## Schrodinger equation for one dimensional square well

1. The problem statement, all variables and given/known data
the question as well as the hint is shown in the 3 attachments

2. Relevant equations

3. The attempt at a solution
i know how to normalize an equation, however i do not understand what the hint is saying, or how to do these integrals, any guidance would be greatly appreciated
Attached Thumbnails

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 The hint is just telling you that each Sin(a pi x) is orthogonal to the other Sins I'll give you my hint - all you need to know is how to integrate Sin^2(x) Do you know how to do the other two problems?
 im not sure exactly what you mean by that, what is the integral i need to take?

## Schrodinger equation for one dimensional square well

Well, do you know what it would mean for $\psi(x)$ to be normalized?

 normalizing ψ(x) means to determine if ∫ |Ψ(x)|^2 dx = 1 right?

 Quote by stigg normalizing ψ(x) means to determine if ∫ |Ψ(x)|^2 dx = 1 right?
That is correct
Do you know what it means if two functions are orthogonal?

 no i do not
 Okay, orthogonality is what the hint is describing two functions, f and g are orthogonal if $\int f*g\ dx = 0$ the hint is just restating that each of the Sins are orthogonal to the other ones, that is; $\int Sin(\pi x)Sin(2 \pi x) dx = 0$ etc Using this, how do you think you should proceed in determining A?
 do i expand the equation and cancel out the terms with Sin(πx)Sin(2πx) because they will integrate to 0?
 Yes, show me what you get
 does ∫Sin(πx)Sin(3πx)dx=0 and ∫Sin(2πx)Sin(3πx)dx=0 ?
 yes, if you work the integral out yourself you'll find that $\int Sin[n \pi x] Sin[m \pi x] dx = 0$ if $m \ne n$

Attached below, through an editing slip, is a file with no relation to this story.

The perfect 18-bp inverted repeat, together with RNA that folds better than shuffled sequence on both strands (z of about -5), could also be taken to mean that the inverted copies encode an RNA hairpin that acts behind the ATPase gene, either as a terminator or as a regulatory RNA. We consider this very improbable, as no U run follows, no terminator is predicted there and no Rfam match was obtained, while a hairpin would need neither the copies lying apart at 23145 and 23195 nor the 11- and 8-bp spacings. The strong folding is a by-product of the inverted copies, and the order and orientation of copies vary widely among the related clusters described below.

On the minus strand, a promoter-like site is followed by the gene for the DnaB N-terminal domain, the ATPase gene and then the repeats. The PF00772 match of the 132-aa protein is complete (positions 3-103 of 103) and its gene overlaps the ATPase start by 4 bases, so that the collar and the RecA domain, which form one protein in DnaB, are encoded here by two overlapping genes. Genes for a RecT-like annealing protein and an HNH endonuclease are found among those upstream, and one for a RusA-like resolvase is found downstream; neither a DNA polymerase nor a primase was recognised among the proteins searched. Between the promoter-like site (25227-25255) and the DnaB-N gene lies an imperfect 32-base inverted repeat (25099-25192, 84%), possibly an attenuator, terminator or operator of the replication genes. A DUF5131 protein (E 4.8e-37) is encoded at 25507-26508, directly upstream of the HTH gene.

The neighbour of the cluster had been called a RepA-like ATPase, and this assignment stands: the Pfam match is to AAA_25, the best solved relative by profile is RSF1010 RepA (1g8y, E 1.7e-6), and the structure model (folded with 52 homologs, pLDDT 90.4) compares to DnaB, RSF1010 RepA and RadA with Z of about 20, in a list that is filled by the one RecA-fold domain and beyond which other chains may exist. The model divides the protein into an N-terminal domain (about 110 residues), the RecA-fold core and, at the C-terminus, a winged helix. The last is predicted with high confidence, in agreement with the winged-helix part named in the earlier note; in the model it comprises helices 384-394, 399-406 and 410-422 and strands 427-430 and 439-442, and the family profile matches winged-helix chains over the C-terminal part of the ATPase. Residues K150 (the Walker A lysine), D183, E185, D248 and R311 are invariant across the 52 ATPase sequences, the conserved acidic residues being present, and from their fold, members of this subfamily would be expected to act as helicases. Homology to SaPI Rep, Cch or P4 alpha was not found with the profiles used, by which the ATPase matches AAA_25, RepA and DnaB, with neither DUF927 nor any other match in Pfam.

alright so then in that case i will only be dealing with the sin2 functions and therefore |Ψ(x)|^2= (1/10a)sin2($\pi$x/a)+(aA2/a)sin2(2$\pi$x/a)+(9/5a))sin2(3$\pi$x/a)

 |Ψ(x)|^2= (1/10a)sin2(πx/a)+(aA2/a)sin2(2πx/a)+(9/5a))sin2(3πx/a)
That is not exactly true, the terms aren't zero on their own, what IS true is that

$\int |Ψ(x)|^2dx=\int (1/10a)sin2(πx/a)+(aA2/a)sin2(2πx/a)+(9/5a))sin2(3πx/a)dx$

 yes yes youre right i jumped the gun on that, now will the limits of my integral be from -a to a or from -$\infty$ to$\infty$

 Quote by stigg yes yes youre right i jumped the gun on that, now will the limits of my integral be from -a to a or from -$\infty$ to$\infty$
Since this is the particle in a box problem, the potential outside of the box is set to infinity and so we make ψ = 0 everywhere outside, so it doesn't matter where you set the limits of integration (as long as the box is contained in them of course) since we pick up exactly 0 from the outside region.
If you look at the problem statement, you'll see that the box isn't -a<x<a, it's 0<x<a

 ah yes my mistake so using 0 to a as the limits of integration i get that it is equal to (1/10a)+(9/5a)+(2A2/a)

 Tags quantum, quantum well, schrodinger equation, wave equation
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